FROM node:8.6

# Install app dependencies
RUN mkdir /build-dir
WORKDIR /build-dir
COPY ./src/package.json /build-dir
RUN npm install -g nodemon
RUN npm install

# Create app directory
RUN mkdir -p /usr/src/app
WORKDIR /usr/src/app
RUN ln -s /build-dir/node_modules node_modules

# Bundle app source
COPY ./src/ /usr/src/app/

CMD [ "npm", "run", "debug" ]

Line 1:
This is the base image that I want to use. If this is the only line within the Dockerfile I would have used image: node:8.6 directly within the docker-compose file

Line 3:
Just a comment

Line 4: This line creates a new folder within the container

Line 5:
The working directory for the following commands is set to /build-dir

Line 6:
The package.json file HAS TO BE within the ./src folder on the local machine is copied to the build-dir within the container

Line 7–8:
Two commands will be executed within the container. The first one installs nodemon globally. The other one will install every other package from the package.json.

Line 9–10:
nothing important / comment

Line 11:
The app directory will be created within the container

Line 12:
The working directory for the following commands is set to /usr/src/app

Line 13:
This IMPORTANT step is used to create a soft link between the node_modules folder within the /usr/src/app folder and the node_modules folder within build-dir where npm install put in all use packages by the app

Line 14–15:
Just a comment

Line 16:
The LOCAL src folder will be copied into /usr/src/app

Line 17:

Line 18:
Exposes the port 3000

Line 19:
This command starts the node server. It executes npm run debug. This will only work if the package.json contains a script called debug. This HAS TO BE there. And because we use nodemon it should be: nodemon — legacy-watch server.js where server.js is your node-app-entrypoint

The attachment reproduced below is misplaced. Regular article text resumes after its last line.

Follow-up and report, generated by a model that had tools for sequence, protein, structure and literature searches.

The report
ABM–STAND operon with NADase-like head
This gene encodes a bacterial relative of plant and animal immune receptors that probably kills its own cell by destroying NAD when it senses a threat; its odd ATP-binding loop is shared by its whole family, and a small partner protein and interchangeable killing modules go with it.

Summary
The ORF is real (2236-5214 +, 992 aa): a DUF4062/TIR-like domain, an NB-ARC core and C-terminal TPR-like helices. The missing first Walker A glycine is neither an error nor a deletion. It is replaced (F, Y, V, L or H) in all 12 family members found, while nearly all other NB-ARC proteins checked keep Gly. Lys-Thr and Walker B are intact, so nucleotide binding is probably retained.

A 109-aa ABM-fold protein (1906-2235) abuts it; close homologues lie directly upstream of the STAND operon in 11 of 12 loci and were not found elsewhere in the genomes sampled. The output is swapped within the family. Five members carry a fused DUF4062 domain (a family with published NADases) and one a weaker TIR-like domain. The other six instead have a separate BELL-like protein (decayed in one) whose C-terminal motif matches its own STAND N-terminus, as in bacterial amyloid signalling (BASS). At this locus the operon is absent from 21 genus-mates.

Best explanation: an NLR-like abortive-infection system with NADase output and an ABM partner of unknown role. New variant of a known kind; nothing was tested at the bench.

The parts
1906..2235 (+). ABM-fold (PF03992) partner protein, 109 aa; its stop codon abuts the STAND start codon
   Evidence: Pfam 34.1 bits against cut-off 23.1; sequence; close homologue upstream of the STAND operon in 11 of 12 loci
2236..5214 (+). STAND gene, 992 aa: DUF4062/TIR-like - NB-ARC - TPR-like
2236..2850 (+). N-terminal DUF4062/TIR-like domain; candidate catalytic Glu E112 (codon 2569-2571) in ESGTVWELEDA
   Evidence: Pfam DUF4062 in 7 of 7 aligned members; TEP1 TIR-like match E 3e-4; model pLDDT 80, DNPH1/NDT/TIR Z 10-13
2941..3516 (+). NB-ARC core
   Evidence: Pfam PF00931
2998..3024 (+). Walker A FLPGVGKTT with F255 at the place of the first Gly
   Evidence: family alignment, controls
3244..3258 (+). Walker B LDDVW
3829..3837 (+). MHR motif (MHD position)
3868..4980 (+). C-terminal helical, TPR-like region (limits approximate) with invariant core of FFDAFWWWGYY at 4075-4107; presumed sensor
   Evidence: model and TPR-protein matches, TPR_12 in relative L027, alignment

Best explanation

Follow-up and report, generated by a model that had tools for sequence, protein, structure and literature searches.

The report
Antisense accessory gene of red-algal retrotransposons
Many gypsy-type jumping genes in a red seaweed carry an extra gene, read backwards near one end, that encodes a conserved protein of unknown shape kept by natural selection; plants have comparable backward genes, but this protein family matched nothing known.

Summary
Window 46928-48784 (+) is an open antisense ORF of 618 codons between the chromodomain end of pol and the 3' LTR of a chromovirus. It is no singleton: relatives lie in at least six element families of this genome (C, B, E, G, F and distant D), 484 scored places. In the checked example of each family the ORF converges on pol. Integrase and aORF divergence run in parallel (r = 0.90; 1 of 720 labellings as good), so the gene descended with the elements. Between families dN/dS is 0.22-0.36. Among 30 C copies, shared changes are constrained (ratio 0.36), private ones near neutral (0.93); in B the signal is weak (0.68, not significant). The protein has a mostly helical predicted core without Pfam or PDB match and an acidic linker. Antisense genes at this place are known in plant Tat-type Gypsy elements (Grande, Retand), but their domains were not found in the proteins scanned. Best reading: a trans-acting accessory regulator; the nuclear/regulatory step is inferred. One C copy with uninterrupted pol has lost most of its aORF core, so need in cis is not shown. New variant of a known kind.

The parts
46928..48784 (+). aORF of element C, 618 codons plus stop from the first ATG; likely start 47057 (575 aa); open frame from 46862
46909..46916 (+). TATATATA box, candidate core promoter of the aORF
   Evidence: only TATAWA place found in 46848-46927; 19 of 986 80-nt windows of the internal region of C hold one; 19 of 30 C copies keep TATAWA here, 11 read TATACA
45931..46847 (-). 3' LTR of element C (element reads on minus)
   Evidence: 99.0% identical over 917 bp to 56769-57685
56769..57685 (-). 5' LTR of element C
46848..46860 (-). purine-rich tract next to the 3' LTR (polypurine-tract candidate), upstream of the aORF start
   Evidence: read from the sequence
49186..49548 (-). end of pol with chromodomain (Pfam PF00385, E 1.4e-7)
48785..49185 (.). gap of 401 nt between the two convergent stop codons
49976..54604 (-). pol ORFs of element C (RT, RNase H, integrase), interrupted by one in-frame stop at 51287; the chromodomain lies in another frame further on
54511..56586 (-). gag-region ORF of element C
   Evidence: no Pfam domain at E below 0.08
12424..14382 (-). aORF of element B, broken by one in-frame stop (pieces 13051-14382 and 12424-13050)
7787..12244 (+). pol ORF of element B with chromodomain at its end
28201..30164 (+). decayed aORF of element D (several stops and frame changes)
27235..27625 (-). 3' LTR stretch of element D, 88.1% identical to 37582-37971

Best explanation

At last, I have this weird file which is used in node-service within docker-compose:

cp -r /build-dir/node_modules/ /usr/src/app/
exec npm run debug

This command is really simple but is used to copy node_modules and every subfolder to the /usr/src/app. I have done this because I don’t want to have node_modules within the local src folder while developing.


Now I can save these files into a new folder and put my node code within src and it works. And if I change something within the files they will be directly affected within the docker-container. THIS IS REALLY AWESOME!

8. Closing Notes


I am not 100% sure if this document is perfectly researched and if every command/settings I used is necessary. But it works and is a good starting point for further improvement of docker!

One really important thing I want to add is that my local src folder is mapped to /usr/src/app/ which I found annoying because in my head it is /usr/src/src/ and I will change it as soon as finishing this sentence!